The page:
On Steubenville and teaching young men not to rape

With the horrific response to Zerlina Maxwell’s (who is amazing) recent appearance on FOX News and CNN’s appalling hand-wringing  over the fate of the Steubenville rapists (call on them to apologize here), I’ve had just about my fill of the mainstream take on rape. But rising above the burnout-inducing articles rehashing every aspect of this case and the nastiness that continues to be directed at Zerlina from the darkest corners of the Internet, there came this incredible post from Mia McKenzie at Black Girl Dangerous:

What happened to this girl is horrible. Her life has been affected in serious ways by the unbelievably terrible actions of these boys. And CNN should not be talking as if her pain, her experience, and her life do not exist. It is unconscionable for them to do so and they need to be held to account for it. Elevating the experience of these boys above the experience of their victim is not okay.

But, you know what is okay? Also feeling sorry for these boys. [Emphasis mine]

Not in the way that CNN did it. Not at the expense of the girl who was raped by these boys. But including these boys in our feelings of sadness isokay.

I, unlike many people reacting to today’s verdict, am not just thrilled to death that two 16-year-old boys are going to jail. What they did was terrible. There is no excuse. They have to be two seriously fucked-up kids to have done what they did. But what I know for damn sure is that jail does not fix broken people. It only breaks them harder.

In the midst of my anger over rape culture and over what happened to this young woman, I plum forgot to contemplate the very sobering fact that incarcerating these boys will do nothing to teach them (or other young men) how to identify consent and how to not be rapists themselves. Incarcerating rapists doesn’t do anything to combat rape culture, which is what we really need to address if we are to eradicate rape. 
Zerlina’s amazing “5 Ways we can Teach Men Not to Rape” article is a great resource for parents, educators and other concerned members of society to address rape culture with impressionable young boys and men, but how do we address violence against women with those who have already committed it? Can they be taught not to rape, abuse, harass, stalk and threaten?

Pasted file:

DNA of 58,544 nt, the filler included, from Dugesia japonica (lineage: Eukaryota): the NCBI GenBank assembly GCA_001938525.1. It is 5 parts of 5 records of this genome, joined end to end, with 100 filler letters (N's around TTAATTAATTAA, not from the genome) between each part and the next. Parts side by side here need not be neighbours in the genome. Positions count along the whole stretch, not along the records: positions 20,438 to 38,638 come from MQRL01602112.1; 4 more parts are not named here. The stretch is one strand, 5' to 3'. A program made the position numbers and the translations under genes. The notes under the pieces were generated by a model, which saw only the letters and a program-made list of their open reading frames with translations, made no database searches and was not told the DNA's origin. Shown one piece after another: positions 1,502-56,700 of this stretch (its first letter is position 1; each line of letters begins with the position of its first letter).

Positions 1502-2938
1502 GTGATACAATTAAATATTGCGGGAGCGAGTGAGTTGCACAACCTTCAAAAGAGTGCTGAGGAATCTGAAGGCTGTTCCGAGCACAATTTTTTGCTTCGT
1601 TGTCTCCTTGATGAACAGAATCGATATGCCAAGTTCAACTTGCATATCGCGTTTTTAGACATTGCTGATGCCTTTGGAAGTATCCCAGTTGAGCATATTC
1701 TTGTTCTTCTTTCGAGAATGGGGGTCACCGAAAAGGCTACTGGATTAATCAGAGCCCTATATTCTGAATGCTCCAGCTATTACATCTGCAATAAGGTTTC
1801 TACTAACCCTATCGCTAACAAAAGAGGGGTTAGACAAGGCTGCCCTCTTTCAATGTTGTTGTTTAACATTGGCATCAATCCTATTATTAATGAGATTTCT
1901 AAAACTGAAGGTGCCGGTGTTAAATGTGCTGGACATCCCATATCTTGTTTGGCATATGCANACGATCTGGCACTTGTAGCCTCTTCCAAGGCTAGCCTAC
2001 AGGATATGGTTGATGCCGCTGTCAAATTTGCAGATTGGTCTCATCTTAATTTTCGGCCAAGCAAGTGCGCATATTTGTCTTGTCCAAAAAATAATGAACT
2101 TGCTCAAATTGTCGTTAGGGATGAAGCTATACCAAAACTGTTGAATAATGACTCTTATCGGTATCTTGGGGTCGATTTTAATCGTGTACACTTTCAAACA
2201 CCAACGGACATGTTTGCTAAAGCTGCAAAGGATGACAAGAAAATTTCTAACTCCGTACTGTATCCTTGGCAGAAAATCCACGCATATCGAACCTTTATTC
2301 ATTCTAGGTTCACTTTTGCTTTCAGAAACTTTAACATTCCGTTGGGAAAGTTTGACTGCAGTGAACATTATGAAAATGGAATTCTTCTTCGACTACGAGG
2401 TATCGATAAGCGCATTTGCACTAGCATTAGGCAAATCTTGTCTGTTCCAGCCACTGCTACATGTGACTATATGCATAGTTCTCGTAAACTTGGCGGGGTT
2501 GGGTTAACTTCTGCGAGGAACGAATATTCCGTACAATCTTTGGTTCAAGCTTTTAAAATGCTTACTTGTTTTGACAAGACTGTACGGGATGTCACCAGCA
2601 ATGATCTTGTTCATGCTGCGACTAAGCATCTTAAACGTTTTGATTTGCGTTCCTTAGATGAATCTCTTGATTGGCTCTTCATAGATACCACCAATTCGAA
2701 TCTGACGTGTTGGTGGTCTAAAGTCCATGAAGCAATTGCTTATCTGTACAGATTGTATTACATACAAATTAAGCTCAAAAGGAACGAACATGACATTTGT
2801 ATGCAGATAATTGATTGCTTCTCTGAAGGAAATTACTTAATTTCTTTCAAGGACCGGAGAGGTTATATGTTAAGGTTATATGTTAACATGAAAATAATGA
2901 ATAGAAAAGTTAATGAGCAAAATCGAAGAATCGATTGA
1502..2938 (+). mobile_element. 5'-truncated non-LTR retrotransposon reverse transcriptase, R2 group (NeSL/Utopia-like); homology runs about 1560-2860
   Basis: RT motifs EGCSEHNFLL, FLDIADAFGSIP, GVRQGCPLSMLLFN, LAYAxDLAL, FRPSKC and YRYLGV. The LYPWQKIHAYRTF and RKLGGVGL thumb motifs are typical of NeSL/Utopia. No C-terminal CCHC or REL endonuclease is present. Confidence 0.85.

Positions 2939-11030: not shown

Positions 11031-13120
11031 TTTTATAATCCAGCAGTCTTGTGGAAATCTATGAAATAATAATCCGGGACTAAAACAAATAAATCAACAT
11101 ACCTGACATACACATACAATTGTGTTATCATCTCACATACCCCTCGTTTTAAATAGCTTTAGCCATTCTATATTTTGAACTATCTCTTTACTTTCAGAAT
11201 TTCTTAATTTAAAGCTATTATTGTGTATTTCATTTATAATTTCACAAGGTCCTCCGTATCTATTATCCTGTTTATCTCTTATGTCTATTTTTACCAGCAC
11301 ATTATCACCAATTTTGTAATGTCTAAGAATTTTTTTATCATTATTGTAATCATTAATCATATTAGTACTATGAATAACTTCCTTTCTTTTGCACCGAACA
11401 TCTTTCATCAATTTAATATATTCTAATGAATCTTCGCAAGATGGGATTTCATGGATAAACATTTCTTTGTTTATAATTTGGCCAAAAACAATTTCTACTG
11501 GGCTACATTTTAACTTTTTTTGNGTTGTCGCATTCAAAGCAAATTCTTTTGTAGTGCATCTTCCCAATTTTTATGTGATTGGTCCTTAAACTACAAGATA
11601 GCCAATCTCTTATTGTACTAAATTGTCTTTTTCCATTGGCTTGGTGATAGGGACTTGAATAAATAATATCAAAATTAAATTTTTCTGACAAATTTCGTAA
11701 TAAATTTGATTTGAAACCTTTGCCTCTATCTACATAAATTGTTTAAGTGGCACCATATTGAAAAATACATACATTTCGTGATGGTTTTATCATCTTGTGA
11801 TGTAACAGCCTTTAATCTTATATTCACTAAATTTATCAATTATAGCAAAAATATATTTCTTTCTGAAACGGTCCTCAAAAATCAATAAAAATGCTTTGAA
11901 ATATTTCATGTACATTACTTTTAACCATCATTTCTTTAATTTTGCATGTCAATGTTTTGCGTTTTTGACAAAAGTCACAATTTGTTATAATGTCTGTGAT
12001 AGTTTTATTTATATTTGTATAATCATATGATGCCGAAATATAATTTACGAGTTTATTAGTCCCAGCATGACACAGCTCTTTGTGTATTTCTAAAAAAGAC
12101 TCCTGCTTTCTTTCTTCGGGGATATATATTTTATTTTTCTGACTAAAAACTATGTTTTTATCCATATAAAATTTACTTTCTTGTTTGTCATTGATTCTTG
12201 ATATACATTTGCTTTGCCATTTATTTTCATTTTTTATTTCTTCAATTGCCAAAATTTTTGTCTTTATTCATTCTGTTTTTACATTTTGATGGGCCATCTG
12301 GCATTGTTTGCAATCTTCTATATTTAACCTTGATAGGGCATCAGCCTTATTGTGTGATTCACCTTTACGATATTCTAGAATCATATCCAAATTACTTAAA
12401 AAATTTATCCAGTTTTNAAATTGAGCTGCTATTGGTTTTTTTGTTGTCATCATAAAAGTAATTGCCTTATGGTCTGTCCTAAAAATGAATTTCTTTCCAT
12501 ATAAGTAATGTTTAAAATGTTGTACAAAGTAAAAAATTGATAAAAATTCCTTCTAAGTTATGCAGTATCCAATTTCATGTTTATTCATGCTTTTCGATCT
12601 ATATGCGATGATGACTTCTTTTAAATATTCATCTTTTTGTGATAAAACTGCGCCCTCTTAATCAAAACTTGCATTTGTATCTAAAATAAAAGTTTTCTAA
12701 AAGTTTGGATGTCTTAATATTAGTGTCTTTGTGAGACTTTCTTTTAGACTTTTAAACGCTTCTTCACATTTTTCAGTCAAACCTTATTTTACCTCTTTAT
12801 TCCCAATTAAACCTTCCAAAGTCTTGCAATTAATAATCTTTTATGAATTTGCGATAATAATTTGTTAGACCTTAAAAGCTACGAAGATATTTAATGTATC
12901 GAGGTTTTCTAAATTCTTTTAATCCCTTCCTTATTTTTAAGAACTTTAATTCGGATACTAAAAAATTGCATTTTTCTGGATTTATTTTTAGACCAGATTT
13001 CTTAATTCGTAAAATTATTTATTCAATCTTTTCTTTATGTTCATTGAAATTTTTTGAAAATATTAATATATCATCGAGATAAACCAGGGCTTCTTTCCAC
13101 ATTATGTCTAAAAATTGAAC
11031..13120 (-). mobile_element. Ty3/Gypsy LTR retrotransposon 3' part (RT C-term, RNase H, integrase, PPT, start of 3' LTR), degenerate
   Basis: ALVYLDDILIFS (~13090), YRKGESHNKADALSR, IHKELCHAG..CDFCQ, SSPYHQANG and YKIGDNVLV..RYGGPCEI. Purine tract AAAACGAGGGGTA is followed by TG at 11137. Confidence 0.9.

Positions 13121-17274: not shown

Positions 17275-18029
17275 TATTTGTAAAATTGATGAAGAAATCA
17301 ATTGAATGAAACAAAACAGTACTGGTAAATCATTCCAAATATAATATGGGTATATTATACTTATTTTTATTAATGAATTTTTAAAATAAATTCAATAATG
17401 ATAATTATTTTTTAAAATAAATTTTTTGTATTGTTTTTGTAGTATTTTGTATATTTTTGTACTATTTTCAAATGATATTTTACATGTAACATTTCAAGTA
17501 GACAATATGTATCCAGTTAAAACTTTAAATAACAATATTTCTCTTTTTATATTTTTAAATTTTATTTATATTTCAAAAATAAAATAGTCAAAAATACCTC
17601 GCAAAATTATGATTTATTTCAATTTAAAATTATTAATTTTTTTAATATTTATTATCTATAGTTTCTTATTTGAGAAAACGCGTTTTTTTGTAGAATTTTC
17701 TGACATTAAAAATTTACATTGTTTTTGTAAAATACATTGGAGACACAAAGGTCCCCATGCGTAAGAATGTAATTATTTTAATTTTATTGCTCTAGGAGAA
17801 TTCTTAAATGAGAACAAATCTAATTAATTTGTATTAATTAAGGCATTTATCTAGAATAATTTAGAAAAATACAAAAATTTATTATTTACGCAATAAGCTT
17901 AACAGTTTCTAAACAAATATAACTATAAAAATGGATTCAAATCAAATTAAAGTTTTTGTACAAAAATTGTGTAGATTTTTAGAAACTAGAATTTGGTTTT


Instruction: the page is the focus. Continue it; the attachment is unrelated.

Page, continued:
I hope that the answer is yes. Just as Zerlina kindly wished her bullies well (did I mention she’s amazing?), so too do I wish the Steubenville rapists well. And what I mean by that is that I hope they learn. I hope they come to feel fully accountable for what they have done as opposed to merely feeling sorry that they got caught; which is what I suspect Trent Mays feels given his apology for distributing a photo of the rape rather than the rape itself. I hope that they come to understand that what they did was wrong and more importantly why it was wrong.
And then I hope they tell others why it was wrong. I hope they do the same thing that many reformed convicts have done, which is to dedicate their lives to helping others make different choices.

Disclaimer: This post was written by a Feministing Community user and does not necessarily reflect the views of any Feministing columnist, editor, or executive director.

Consumer technology geeker-outer. "Seamlessly integrated" with social networky goodness. Unapologetic spoiler of a small, emotionally needy cat. Bullied kid for whom it got better. Frequent singer. Occasional dancer, actress, photographer, psychologist, public speaker and circus performer. Man-loving feminist. Member of the landed gentry. Innovator, Latina, Jew, human. I product manage for Bobsled by T-Mobile (@letsbobsled) but do not speak for them.

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